counter-productive. What does an individual do with all their insight and
awareness? How does it inform their actions in the world? In
psychosynthesis, this is the function of the Will. The Will is about
creating boundaries, accepting limitations and making choices--central
tasks in the process of actualising potentials and self expression. One of
the problems with psychedelics, though, is that they are so attractive to
some because they seem to offer everything, the All, without much effort.
But this attraction is illusory. A lifetime of experience, whether
psychedelic or not, does not necessarily lead to wisdom. It is what we do
with the experience that counts. For with increased consciousness comes
the responsibility for its expression. No matter how profound the insight,
or how numinous the experience, it needs to be lived in the context of our
own life journey.
It is easy to get caught up in the glorious pyrotechnics of psychedelic
experience, when the real work is in the grounding of these in the
interpersonal, relational task of living our lives--within our own
community of relationships and culture at this particular historical
moment. This is the role of praxis--putting into practice in our everyday
lives the insights and discoveries we gain through inner work--and this
calls for us to engage our Will in relation to our growth in
consciousness. In this process, a psychospiritual psychotherapist can be
of tremendous assistance. To have our process held, mirrored, challenged,
and witnessed by someone we can deeply trust can be an immeasurably
valuable part of the process of change and transformation.
The psychospiritual context challenges the view that life is some sort of
cosmic error or samsaric illusion, seeing instead that the complex and
multi-dimensional nature of reality is the vehicle via which we develop
and evolve through self-discovery and self-expression. Working
therapeutically within this context with psychedelics temporarily allows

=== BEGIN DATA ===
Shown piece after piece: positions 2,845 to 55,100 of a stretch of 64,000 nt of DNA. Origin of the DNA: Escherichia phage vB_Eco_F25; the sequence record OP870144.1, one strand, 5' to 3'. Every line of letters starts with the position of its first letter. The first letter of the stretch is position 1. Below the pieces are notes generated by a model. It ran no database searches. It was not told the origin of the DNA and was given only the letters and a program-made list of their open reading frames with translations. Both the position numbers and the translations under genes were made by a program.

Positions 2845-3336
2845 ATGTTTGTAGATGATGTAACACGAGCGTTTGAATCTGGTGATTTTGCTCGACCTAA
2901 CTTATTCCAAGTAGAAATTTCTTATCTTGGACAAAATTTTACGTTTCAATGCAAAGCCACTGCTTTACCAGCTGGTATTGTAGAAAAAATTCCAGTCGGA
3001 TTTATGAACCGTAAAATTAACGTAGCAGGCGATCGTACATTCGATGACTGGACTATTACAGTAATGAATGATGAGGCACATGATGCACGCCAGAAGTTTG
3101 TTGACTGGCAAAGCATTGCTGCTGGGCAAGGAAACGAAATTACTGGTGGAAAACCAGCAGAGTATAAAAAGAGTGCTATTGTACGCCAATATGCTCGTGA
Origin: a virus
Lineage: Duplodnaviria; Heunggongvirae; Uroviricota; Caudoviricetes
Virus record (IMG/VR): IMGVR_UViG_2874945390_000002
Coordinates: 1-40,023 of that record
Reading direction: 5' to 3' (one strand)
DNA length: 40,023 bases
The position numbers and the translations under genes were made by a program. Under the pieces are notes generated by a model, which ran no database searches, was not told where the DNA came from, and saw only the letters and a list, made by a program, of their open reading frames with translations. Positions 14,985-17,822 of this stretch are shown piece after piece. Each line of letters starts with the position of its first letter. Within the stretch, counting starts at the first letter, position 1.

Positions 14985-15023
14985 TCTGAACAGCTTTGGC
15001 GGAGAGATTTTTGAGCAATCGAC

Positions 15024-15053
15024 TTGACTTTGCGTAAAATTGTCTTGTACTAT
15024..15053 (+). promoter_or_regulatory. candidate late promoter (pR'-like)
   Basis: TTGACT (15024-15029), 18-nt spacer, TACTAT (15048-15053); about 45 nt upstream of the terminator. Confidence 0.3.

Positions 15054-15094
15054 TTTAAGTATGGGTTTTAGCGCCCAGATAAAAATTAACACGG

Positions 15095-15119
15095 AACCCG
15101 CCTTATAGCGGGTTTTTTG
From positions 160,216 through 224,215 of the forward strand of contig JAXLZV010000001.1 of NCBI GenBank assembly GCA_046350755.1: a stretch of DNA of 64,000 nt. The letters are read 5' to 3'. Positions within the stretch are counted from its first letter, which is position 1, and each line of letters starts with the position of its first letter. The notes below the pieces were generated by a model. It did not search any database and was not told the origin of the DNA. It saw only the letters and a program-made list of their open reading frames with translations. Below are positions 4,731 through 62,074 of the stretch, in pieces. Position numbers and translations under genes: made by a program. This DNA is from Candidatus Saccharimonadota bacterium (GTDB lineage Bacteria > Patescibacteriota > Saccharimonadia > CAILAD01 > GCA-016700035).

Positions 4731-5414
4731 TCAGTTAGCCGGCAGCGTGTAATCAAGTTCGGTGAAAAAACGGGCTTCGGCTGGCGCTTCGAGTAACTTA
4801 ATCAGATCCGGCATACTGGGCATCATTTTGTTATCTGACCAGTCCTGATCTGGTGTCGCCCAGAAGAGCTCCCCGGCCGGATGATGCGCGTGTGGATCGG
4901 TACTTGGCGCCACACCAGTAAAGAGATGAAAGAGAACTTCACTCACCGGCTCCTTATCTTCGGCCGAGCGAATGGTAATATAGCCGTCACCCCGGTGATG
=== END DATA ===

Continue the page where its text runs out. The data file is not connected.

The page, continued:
us to go beyond the restrictions of everyday consciousness. In trusting
and letting go to this process, we connect with the natural and innate
healing mechanisms of the psyche, under the aegis of the Self. But
fundamental to this process is the Return. We must integrate and ground
the insights and consciousness we gain through these experiences in the
ongoing challenge of self-development and action in the world. This is
where work with psycholytic doses of psychedelics is of particular value.
Smaller doses bring to the surface psychological material that is more
easily integrated, and the step between where an individual is (in terms
of their psychospiritual development) and what arises is not so great.
Thus from a psychospiritual therapeutic context, work with regular
psycholytic doses, punctuated by an occasional psychedelic dose, seems
likely to offer the best outcome.
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- Psychosynthesis is an approach to understanding psychological and
spiritual development originally formulated by the Italian psychiatrist
Roberto Assagioli (1888-1974).
- The Triphasic Model has been developed by Joan Evans and Jarlath Benson
at the Institute of Psychosynthesis in London. This model articulates the
developmental journey from the viewpoint of psychosynthesis--with three
stages (autistic/fusion, symbiotic and separation) at three major levels
(ego development, "I" emergence, and Self realisation).
Richard Spurgeon, M.A.